By Pete Prown
As an author, I often find it hard to divine whether a good author is male or female, or what literary traits define each gender. It’s all the more confusing when I grab one of my go-to books by Charles Todd, the pseudonym for a mother-and-son writing team from America. They weave mysteries so devilishly complex that I would have no idea whether it’s the mother or the son who wrote a given passage. Their stories are so addictive that I stumble from one to the next without giving gender a second thought, but writing duos are rare in the mystery genre.
Much of my early teen reading was geared towards male authors, as the fantasy/science-fiction genre is packed with names like Tolkien, Asimov, Moorcock, and Niven. I did try reading some notable women writers in the field, such as Ursula K. LeGuin and her Earthsea trilogy, but it didn’t click with me, nor was I attracted to the tales of Marion Zimmer Bradley or Anne McCaffrey. I recall enjoying Ayn Rand’s brief Anthem at age 16 or so, but that’s only because it was directly related to my favorite band, Rush, and the Rand-fueled plot behind their epic 2112 album (though in retrospect, Rush was a rock ‘n’ roll band that urged their fans to read more books, so we must thank them for that).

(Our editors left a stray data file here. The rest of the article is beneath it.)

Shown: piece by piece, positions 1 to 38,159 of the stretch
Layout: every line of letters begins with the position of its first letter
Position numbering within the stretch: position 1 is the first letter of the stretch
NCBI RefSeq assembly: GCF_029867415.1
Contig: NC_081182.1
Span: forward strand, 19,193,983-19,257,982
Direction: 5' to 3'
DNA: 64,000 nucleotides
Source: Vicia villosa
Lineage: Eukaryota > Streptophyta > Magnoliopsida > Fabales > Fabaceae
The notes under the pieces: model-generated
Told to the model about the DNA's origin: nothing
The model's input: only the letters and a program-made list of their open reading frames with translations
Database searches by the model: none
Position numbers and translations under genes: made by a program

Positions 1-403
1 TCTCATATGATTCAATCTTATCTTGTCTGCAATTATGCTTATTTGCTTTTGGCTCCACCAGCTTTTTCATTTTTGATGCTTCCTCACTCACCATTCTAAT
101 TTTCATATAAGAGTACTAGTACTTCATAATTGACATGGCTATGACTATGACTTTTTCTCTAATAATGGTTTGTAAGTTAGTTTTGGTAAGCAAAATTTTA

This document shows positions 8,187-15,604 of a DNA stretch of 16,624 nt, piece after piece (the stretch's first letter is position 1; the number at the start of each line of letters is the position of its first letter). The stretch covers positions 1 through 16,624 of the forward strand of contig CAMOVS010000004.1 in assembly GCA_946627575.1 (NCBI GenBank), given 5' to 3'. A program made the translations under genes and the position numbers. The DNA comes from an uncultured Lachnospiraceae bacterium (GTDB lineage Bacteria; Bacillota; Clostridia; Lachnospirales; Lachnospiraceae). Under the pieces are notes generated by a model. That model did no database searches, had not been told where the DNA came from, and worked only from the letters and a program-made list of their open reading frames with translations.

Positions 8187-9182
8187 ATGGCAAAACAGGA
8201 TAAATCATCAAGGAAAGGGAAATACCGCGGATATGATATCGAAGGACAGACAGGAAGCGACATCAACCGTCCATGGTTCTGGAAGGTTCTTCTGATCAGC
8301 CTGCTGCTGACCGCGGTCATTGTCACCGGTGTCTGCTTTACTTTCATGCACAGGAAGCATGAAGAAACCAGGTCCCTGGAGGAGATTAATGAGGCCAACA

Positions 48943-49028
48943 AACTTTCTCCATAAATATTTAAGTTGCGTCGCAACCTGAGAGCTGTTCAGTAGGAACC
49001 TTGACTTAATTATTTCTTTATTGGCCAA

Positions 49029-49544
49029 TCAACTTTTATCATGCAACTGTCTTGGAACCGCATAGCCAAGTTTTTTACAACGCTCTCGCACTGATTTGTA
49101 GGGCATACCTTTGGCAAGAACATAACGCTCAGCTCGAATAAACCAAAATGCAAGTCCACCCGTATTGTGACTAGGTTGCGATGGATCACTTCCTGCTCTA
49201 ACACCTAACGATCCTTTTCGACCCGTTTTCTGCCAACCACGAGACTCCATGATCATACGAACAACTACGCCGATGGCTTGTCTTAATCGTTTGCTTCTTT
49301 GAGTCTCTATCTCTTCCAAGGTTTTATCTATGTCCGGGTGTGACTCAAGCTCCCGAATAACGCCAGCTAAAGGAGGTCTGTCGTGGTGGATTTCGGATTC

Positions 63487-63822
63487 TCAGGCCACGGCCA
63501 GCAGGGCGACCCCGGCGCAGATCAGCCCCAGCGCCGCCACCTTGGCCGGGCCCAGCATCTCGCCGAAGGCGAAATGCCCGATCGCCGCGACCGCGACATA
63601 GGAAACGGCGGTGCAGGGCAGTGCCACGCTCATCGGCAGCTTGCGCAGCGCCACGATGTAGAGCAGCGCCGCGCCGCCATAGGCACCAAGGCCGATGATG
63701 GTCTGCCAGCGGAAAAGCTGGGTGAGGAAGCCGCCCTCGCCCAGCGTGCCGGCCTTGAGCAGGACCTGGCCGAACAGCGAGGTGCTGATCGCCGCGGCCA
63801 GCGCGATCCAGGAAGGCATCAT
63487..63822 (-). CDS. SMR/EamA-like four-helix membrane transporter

Fifteen years later, my tastes evolved into the arena of British murder mysteries and – What ho! – my appreciation of women authors soared. In contrast to the male-packed sci-fi category, it seemed that every other mystery author was a woman and a fiendishly clever one at that. I must confess I already knew many of their names since my mother sat our kitchen table in Connecticut, day after day, year after year, reading well-worn paperbacks of the English murder mystery. In retrospect, she often woke up early, long before the rest of the family, and enjoyed a cup of coffee, along with a generous portion of murder most foul. As I found out in my thirties, I had inherited the gene.